A tool-sharing corner of Asikkala municipal library is a significant step towards circularity

LAB University of Applied Sciences, Maallemuuttajat 2030 project
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The Maallemuuttajat 2030 project (Maallemuuttajat meaning "people moving from the city to the countryside") project started a Library of Things - a tool-sharing library service - in the Asikkala (Southern Finland) municipal library in June 2020. The project, implemented by the LAB University of Applied Sciences, aimed to increase the citizens' awareness of sharing economy.

In an introductory workshop, Asikkala residents were asked where they would like to lend/borrow tools. The municipal library seemed the most appropriate place to set up this service.

Residents were then asked more specifically what tools they were willing to lend. Various tools were identified (sewing machine, serger, steam cleaner, drill, sander, children’s travel cot, board games, sled, instruments, plant dryer, tent, trangia cooker, backpack, blender, wok, skis and thermal camera) which were suitable given the library’s restrictions in terms of space and safety.

The tools were collected through a donation campaign lasting 1,5 months. Residents donated tools in good condition for the common good. After the campaign, the tools were tested and maintained.

The project team planned storage solutions, came to an agreement with the library staff, wrote user manuals for the tools and built a shelf for the library. The tool-sharing library was ready to be opened in June 2020.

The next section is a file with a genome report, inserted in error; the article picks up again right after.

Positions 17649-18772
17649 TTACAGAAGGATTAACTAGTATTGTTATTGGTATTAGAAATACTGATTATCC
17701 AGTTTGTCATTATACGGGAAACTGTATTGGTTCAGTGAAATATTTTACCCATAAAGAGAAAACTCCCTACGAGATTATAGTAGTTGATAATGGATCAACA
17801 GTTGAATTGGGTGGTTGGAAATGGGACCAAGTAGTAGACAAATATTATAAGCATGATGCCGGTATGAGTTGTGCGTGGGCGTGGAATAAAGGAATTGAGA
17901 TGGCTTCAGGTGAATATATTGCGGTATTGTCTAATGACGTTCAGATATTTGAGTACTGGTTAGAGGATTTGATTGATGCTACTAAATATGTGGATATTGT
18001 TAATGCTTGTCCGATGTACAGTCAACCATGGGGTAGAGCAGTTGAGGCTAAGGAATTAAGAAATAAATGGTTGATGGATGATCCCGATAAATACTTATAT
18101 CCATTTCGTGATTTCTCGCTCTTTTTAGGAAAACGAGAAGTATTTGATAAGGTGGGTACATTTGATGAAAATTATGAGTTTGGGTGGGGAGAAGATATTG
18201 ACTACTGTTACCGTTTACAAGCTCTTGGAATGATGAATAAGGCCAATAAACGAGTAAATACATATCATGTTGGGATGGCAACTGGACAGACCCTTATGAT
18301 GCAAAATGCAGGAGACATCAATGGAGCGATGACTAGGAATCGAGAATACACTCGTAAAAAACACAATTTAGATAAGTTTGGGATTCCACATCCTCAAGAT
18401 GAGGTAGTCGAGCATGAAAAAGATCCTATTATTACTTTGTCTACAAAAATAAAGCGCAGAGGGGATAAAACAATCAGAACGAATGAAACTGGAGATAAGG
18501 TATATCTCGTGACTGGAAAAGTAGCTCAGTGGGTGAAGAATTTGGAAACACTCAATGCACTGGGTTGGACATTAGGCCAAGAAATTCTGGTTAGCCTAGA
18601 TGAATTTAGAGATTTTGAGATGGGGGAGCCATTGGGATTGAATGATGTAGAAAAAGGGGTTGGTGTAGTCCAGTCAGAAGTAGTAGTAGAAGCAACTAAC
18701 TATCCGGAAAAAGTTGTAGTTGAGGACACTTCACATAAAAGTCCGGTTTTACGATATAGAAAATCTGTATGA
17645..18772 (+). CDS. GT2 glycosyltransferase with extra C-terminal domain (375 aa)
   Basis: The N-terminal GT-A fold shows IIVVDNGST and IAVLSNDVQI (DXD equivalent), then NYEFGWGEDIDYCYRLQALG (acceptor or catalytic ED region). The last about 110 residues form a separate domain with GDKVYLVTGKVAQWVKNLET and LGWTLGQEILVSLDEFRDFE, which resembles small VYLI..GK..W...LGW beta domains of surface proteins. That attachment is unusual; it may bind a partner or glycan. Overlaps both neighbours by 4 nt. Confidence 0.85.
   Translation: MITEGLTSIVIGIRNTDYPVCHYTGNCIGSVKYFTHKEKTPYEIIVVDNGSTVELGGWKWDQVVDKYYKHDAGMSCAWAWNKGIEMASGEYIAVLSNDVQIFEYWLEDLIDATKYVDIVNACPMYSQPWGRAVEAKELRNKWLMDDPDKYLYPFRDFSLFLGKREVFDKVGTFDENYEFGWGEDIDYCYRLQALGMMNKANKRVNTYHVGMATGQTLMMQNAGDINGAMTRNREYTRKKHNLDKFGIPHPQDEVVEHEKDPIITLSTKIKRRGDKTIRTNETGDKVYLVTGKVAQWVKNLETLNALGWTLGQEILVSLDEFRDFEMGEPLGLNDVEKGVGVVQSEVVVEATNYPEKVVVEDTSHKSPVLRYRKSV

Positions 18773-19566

After opening, the project team decided how to maintain the tools. A workshop run by local young people is now responsible for fixing the tools when necessary and electronic vehicles are maintained by a local service shop.

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Main results
  • In the first year tools were lent 107 times (Asikkala inhabitants: 8000).
  • A survey was carried out among tool-sharing library users with mainly positive results.
  • The initiative was useful for all residents, increasing their sense of cohesion and community and overall interest in lending.
  • The library staff felt they had acquired new customers thanks to the tool-sharing section.
  • Assuming that all 107 loans replaced producing similar items, 5 900 kg CO2e (+/- 1/2 of an average Finn’s carbon footprint) were saved in a year.
  • Even assuming that just half of the users didn’t buy an item as it was available at the Library, 2 950 kg CO2e of GHG emissions were prevented.
  • The Library of Things will stay open until further notice, and similar initiatives started in Finland.